Everyone is aware of how Covid-19 has completely transformed the way we do business. Topping the list of changes the Pandemic has unlocked in this past year - a new set of employee expectations. Leaders will be well-served not only to understand these new expectations, but to adapt to what’s been coined The New Employment Deal.
A few examples of how The Fulcrum Group has responded to employee expectations include:
- Our quarterly Lunch & Learn events have adapted to an all virtual format, which allows employees, vendor partners and attendees to all join in together from wherever they are, and enjoy sharing valuable information (and even lunches) remotely.
- The Fulcrum Group has always prioritized and prided itself on consisting of a socially and culturally diverse team.
- Cultivating a learning culture and upskilling our teams play an important part in our general Fulcrum Group philosophy and 5 service Fulcrums.
- The Fulcrum Group values transparency with clients as well as employees, as evidenced throughout our processes and procedures both internal and external.
Here are 5 areas all good leaders should be prepared to address in The New Employment Deal.
Going forward, the likelihood of remote work is here to stay and that kind of flexibility is shown to play a significant part in performance and job satisfaction. A 2020 Employee Survey conducted by Gartner showed that the percentage of employees who are high performers increases to 55% when employees are offered some choice over where, when and how much to work, compared to a baseline of 36% in 9-to-5 office conditions.
In-demand skilled workers know they have a choice when it comes to where they work, both in terms of the organization and their preferred location, and to attract top talent, employers will need to be willing to accommodate those individual needs and preferences.
Good Corporate Citizenry
Companies throwing themselves behind various causes isn't new, and beyond recent social uprisings, employees are aligning themselves with employers whose actions speak louder than words. Gartner's survey revealed that while 40% of respondents were considered highly engaged, the number jumped to 60% when the organization took action on today's social issues.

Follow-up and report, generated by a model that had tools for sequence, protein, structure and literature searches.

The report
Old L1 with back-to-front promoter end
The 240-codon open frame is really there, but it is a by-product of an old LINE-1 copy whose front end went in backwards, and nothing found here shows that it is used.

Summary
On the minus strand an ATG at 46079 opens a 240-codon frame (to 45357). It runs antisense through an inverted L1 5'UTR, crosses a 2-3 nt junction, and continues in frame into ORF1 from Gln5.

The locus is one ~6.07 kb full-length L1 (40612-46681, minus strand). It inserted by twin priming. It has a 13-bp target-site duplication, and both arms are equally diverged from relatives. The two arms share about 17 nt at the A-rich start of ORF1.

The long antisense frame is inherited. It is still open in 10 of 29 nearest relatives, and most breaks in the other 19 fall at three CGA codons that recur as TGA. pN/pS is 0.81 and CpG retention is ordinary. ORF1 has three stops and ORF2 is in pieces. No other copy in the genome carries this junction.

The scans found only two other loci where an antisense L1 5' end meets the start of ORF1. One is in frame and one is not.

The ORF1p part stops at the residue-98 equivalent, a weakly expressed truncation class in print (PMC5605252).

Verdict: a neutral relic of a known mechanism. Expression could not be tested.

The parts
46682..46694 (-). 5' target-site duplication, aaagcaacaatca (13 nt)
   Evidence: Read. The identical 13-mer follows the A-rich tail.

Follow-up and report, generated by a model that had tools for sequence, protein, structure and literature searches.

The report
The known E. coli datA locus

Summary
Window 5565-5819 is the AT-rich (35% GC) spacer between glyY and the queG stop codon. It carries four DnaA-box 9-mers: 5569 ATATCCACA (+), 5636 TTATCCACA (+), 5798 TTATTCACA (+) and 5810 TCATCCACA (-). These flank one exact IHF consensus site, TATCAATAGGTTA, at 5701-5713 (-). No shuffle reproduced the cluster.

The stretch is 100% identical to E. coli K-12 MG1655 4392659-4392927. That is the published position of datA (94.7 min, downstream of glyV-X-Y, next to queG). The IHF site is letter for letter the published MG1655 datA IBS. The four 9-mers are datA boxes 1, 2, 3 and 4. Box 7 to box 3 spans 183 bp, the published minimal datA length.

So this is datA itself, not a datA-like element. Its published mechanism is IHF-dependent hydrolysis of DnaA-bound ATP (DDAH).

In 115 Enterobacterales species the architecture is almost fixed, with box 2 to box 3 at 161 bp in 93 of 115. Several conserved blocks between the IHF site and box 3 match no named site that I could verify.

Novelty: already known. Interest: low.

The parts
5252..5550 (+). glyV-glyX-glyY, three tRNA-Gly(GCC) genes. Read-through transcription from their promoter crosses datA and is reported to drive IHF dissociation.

By 2025, Millennials—a generation serious about corporate social responsibility—will make up 75% of the workforce. So while the trend towards corporations being good citizens was well underway, the events of 2020 just accelerated it.
Deeper, More Caring Connections
If great leaders have learned anything over the past year, we've learned that we should be invested in “humanized employment”—caring meaningfully about the humans behind the name tag or job title, about their physical, mental and emotional wellbeing, and supporting them both personally and professionally.
According to the Gartner study, employers that support their workforce more holistically realize a 21% increase in high performers. In other words, employees care that you care, and it shows in their performance.
Investment in Transferable Skills
Employees know their organizations have to adapt their business models to an all-digital future, but in doing so, they expect them to invest in their own upskilling and provide a career trajectory that’ll guarantee them a place in that future.
Communication and Transparency
Communicating often and authentically is especially critical during times of uncertainty when people of all generations are fearful about the future. Even if leaders can't answer all the questions, they're expected to be visible and to communicate what they know.
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